We hadn't seen each other in way too long. The issue wasn't distance, I can drive to her house in under two hours. We could easily meet up somewhere in the middle. We had both simply let life and busy-ness get in the way, and we had let ourselves get a bit lazy about making the effort. Maybe we had both forgotten that there was something valuable that we were in danger of letting die through neglect. Maybe all of those reasons are why I never kept in touch with my friends from high school or college. Ours is the longest friendship I have. It's been over thirty two years since we first met. I was the new youth pastor's wife at the church where she was involved in leading worship. We were both young wives, both young mamas. We raised our kids together, her two boys and my three girls were almost like siblings. Even when we moved away, she would come to see me or I would go to see her. Our kids, and sometimes husbands, would come along. Stories of our times together are some of the most common memories our children talk about.
We live in a culture where relationships are expendable, disposable. It's common practice to walk away from a relationship when conflict arises instead of walking through hard times with each other. We managed to maintain our relationship through its highs and lows, maybe not in the right way, the talking it all through way. Our method was more to just let it go, to forgive and forget.
She recently celebrated a milestone birthday. I texted her early that morning and wished her a happy birthday, then picked a date and said let's meet! And so we did. We sat at a Starbucks and caught up on all the news about her family and mine. We talked about the challenges of aging, about church and answers to prayer, about joys and struggles. Just like always, it felt as if we just picked up where we had left off, as if it hadn't been such a long time since we'd talked or seen each other. We walked around the mall and shopped a bit, and I schooled her on why she definitely should branch out and embrace leather booties with her skinny jeans rolled up just to the top of the boot. She bought the booties in both brown and black and bought two new pair of skinny jeans. We joked about how her husband will say, "what'd your sidekick talk you into now?" and how she'll boast about how much money she saved because of the sales we found. We knew he'd respond with, "How much did you have to spend to save that much?"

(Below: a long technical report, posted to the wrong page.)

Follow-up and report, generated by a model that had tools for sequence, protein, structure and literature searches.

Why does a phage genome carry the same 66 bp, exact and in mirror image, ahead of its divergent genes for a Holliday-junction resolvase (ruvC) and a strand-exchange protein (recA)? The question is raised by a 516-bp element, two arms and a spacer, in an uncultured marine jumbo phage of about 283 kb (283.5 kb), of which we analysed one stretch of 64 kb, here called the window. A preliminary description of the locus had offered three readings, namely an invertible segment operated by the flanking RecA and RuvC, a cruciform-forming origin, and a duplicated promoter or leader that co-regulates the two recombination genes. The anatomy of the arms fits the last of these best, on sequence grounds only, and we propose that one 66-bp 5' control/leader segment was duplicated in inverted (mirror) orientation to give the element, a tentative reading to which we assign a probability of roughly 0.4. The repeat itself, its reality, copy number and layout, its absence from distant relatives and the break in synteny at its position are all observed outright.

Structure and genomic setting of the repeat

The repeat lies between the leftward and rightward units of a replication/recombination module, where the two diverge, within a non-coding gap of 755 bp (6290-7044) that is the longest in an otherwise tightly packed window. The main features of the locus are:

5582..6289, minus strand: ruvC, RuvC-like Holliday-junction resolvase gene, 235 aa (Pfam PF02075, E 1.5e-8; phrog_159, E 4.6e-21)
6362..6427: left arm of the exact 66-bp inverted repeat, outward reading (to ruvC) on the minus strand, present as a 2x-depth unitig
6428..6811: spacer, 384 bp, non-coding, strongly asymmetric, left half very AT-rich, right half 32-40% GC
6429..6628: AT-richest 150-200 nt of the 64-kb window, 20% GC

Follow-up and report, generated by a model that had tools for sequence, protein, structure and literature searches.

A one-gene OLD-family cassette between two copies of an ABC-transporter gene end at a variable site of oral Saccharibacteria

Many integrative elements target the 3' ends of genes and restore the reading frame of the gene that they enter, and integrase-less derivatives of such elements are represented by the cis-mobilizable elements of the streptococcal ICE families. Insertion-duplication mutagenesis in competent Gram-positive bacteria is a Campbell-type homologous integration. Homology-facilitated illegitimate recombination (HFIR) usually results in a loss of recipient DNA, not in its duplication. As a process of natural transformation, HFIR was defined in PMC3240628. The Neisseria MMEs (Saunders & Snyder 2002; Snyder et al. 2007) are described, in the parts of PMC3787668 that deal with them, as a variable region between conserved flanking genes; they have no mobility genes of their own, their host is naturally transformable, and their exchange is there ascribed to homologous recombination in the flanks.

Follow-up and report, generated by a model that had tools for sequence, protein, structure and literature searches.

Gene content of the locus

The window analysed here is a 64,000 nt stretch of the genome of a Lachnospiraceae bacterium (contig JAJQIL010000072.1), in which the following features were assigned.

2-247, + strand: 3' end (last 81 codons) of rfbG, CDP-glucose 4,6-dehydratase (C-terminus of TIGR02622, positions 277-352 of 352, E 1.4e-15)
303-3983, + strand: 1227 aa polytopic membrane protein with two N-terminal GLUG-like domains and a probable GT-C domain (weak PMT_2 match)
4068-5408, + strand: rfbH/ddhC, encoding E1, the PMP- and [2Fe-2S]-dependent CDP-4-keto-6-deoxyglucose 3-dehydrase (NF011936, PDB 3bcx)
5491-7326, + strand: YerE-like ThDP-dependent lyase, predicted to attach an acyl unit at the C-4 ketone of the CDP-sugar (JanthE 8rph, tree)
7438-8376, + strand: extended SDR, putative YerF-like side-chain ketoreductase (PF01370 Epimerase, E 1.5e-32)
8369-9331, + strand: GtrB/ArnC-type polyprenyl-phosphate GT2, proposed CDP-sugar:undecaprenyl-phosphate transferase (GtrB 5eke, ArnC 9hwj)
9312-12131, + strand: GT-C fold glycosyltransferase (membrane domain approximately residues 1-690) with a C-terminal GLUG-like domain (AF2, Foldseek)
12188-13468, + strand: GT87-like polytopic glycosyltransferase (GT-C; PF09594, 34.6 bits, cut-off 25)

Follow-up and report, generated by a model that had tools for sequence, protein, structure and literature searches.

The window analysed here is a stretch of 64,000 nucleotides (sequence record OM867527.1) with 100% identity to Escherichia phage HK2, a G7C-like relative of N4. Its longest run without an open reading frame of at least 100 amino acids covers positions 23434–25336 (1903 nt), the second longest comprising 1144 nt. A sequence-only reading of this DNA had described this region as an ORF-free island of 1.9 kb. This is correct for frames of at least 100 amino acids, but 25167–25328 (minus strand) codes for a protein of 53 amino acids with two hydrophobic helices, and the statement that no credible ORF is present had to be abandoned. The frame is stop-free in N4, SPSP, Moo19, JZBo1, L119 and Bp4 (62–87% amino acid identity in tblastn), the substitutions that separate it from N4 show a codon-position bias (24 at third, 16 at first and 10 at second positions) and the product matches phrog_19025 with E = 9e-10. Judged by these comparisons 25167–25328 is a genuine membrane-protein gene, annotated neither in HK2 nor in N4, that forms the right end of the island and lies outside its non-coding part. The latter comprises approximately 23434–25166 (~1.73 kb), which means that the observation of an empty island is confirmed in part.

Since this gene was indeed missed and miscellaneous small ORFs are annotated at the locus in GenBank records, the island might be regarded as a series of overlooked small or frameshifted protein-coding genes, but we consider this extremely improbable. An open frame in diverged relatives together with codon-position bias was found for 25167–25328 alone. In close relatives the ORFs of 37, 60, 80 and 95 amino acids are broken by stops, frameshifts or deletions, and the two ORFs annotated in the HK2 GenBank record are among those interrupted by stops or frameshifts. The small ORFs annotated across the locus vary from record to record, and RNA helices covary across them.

Eventually we sat down for a late lunch at a favorite restaurant. We laughed, we teared up at times, we talked and talked. The day before I had dealt with some disappointment, but somehow just being with my friend who had been with me through so many years of life's ups and downs lifted me out of the funk.
Our time together reminded me of the value and importance of all of the women in my life. From my sisters, to my longtime friends, to friends I've just made in recent years, each relationship is a valuable thread in the tapestry of my life. I need them. I need the laughter, the tears, the silly conversations and the deep ones, things that can only be shared with someone who really knows you, who really gets you, and who loves you in spite of it all. I've been diligent to be disciplined in God's Word and prayer, in diet and exercise, all in attempts to finish life strong and well. I've come to realize this is another important piece of the puzzle. I must be disciplined to nurture the relationships with my sisters and my friends. I need these relationships. They are just too important to let wither and die from neglect.
Also joining THOUGHT PROVOKING THURSDAYS
at 3-D Lessons for Life
Kelli at CHRONICLES OF GRACE